Tax season is officially underway and if you haven’t filed yet, there’s still plenty of time to get it done. With a new year come updates and changes to the tax code that taxpayers need to be aware of. Some of these tax changes will affect your 2015 tax return while others may influence your tax bill for tax year 2016. Here’s a rundown of what you can expect.
Check out our federal income tax calculator.
1. You’ve Got More Time to File
April 15 is normally the deadline for filing your tax return but this year, you’ll get a few extra days to wrap things up. Your 2015 tax return will be due Monday, April 18 since April 15 is Emancipation Day. Anytime the 15th falls on this holiday or a weekend, the filing deadline automatically gets bumped up to the following Monday.
If you live in Maine or Massachusetts, you won’t have to submit your tax return until Tuesday, April 19. Those states celebrate Patriots Day on April 18.
2. The Health Insurance Penalty Is Going Up
Under the terms of the Affordable Care Act, taxpayers who don’t have health insurance are subject to a tax penalty. For 2016, this penalty is $695 per uninsured adult or 2.5% of your household income, whichever is higher. That’s a fairly stiff increase over 2015, when the penalty was $325 per adult or 2% of household income.
3. You Can Save More for Medical Expenses
If you’ve got a high deductible health insurance plan with a health savings account (HSA), you may be able to funnel a little more money into it this year. As of 2016, the annual contribution limit for taxpayers with family coverage is increasing by $100 to $6,750. The limit for single coverage is staying the same, at $3,350. The IRS didn’t increase contribution limits for qualified retirement plans, including 401(k)s and IRAs, so last year’s limits still apply.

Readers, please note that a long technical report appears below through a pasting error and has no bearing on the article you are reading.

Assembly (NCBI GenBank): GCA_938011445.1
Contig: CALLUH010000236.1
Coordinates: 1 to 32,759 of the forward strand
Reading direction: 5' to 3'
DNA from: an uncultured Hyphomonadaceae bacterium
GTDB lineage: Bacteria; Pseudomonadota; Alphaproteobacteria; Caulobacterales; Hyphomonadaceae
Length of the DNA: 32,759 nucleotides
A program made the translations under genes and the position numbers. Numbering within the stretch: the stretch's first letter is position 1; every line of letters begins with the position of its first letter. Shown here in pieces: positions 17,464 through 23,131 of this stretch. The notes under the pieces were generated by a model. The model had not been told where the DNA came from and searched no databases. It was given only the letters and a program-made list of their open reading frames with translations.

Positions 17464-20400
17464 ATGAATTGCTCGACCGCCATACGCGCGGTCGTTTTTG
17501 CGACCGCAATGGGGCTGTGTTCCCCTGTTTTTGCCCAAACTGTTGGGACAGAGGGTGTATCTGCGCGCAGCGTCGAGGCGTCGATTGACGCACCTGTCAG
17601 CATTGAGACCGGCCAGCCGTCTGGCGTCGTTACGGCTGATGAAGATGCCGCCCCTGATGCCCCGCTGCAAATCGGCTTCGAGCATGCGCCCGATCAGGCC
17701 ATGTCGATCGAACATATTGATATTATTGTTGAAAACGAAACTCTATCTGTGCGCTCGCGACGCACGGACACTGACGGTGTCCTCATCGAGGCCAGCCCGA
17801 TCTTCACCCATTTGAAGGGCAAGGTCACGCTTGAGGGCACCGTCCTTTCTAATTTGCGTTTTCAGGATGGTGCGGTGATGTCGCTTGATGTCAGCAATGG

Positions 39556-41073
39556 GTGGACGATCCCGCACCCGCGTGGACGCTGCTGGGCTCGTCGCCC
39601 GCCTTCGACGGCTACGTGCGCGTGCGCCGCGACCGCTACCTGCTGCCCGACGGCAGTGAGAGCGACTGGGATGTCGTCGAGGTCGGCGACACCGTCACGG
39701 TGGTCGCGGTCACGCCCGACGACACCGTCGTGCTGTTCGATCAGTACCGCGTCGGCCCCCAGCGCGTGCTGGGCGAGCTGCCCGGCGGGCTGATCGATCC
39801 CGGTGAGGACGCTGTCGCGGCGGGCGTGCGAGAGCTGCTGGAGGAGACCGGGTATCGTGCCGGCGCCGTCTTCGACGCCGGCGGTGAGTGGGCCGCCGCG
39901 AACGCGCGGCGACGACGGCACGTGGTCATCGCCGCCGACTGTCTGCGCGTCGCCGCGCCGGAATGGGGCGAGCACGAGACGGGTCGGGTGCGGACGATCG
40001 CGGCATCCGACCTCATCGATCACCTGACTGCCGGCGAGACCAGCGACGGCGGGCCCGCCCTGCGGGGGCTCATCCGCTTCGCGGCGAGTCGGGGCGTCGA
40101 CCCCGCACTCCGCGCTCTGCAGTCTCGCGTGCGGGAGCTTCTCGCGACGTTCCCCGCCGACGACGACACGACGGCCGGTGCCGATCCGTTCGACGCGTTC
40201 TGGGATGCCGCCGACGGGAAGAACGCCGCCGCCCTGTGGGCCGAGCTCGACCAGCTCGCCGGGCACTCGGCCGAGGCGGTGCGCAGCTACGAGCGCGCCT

Try out our 401(k) calculator.
4. Head of Household Filers Get a Bigger Standard Deduction
Filing head of household affords certain tax benefits that you don’t get when your filing status is single, benefits like a high standard deduction. For 2016, the deduction has been bumped up to $9,300 for head of household filers, up from $9,250 in 2015. If you file single, married filing jointly or married filing separately, your standard deduction amount stays the same. You do get a small break, however, since the personal exemption amount is increasing by $50 for all taxpayers.
5. High-Income Earners May Get a Tax Break
As of 2016, the 39.6% top marginal tax rate remains unchanged, but it now applies to single filers earning more than $415,050 per year and married couples whose income exceeds $466,950. For the 2015 tax year, the old, lower limits are in place. You’ll be paying the highest tax rate if your filing status is single and you earn more than $413,200, or if you file a joint return and claim more than $464,850 in taxable income.
6. Low-Income Workers May Get a Slightly Bigger Refund
The Earned Income Tax Credit is one of those tax credits that parents can’t afford to overlook. It’s designed to benefit low-to-middle-income workers. You get a bigger credit if you have children and for 2016, those who have three kids or more are getting a small boost in the size of their credit. The tax credit is increasing this year from $6,242 to $6,269.
Related Article: All About Child Tax Credits
7. Estate Tax Exemptions Are on the Rise
Wealthy taxpayers are also getting a break in the form of a higher estate tax exemption. This exemption covers how much of your estate is subject to tax when the estate is passed on to your heirs after your death. For 2016, the estate tax exemption makes a small leap to $5.45 million, up from $5.43 million. The annual gift tax exclusion limit stays at $14,000.
Aside from the changes described above, the government has made a few key tax breaks permanent, including the American Opportunity Credit and the Educator Expense deduction. The deduction for tuition and fees has been extended for another two years and so has the opportunity to count mortgage insurance premiums as mortgage interest. If you’re eligible, you’ll want to cash in on the tax break while you still can.
Photo credit: ©iStock.com/PeopleImages, ©iStock.com/AlexRaths, ©iStock.com/skynesher